A merger takes place when two companies combine to form a single business entity. Most mergers happen when one public company takes over the shares of another company, either public or private, and just gets bigger. In a reverse merger, a private company buys out a public one, then has shares of the new business listed for public trading. Basically, this means going public without the usual risk and expense of an initial public offering -- and being able to do it in weeks rather than months or even years.
Pros and Pros
In a reverse merger there's no muss, no fuss with the myriad rules and regulations of an initial public offering. The private company takes in the shares of the public company, which becomes a shell. A new, publicly traded company is born. The process does an end run around the expense of raising new capital, with all of the fees charged by stock underwriters and the market risk surrounding new share offerings.
If you're holding shares in a company that's going to be acquired in a reverse merger, you're going to have to sell at the price fixed by the buyer or exchange your shares for stock in the new company. This may or may not represent a profit on your investment -- but unless you hold voting control or can convince a majority of the stockholders that it's a bad idea, you won't stop it. A reverse merger generally benefits both businesses: the private company grows larger and wins new markets and products. The public company gains some business support and financial safety by becoming part of a bigger entity.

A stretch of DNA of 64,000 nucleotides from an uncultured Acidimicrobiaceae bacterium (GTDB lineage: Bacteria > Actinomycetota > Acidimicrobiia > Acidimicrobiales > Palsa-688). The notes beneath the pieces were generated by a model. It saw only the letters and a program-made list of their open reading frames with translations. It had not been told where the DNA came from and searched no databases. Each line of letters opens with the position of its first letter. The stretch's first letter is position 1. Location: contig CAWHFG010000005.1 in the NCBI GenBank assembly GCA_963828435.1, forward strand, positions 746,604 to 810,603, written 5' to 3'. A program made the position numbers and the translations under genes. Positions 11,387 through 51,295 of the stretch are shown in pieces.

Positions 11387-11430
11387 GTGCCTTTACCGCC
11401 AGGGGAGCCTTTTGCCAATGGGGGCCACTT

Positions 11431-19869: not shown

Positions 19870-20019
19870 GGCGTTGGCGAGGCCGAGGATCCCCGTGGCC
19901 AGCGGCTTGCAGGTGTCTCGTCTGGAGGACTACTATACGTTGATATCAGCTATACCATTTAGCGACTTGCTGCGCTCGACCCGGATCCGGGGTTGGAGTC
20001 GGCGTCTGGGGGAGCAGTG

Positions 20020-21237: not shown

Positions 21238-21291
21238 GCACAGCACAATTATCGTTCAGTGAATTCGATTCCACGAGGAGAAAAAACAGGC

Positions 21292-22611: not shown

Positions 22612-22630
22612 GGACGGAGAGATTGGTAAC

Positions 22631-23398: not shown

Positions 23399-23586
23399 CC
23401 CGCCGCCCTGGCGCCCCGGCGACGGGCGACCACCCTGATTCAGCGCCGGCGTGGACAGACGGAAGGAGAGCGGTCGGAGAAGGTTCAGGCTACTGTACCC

The Securities and Exchange Commission requires Form 8-K when a merger takes place. This is a public document that is available through the SEC's online, searchable EDGAR database. The filing will reveal the new company name, the makeup of the new board of directors and the shares and capital that will be exchanged between the buyer and the shell. Wading through these fine-print documents will give you a good handle on the merger and help you make the crucial decision: either sell your shares immediately or wait for the merger to go through.
Costs and Fees
There's one final but important consideration with a reverse merger: whenever some major change takes place with a stock investment, your broker may charge a fee for any accounting work that needs to be done. E*Trade, for example, charges investors a $20 flat fee for "mandatory actions" such as stock splits, mergers and buyouts that affect your holdings. In addition, there may be tax consequences if you sell your shares at a profit, regardless of whether the trade is optional.
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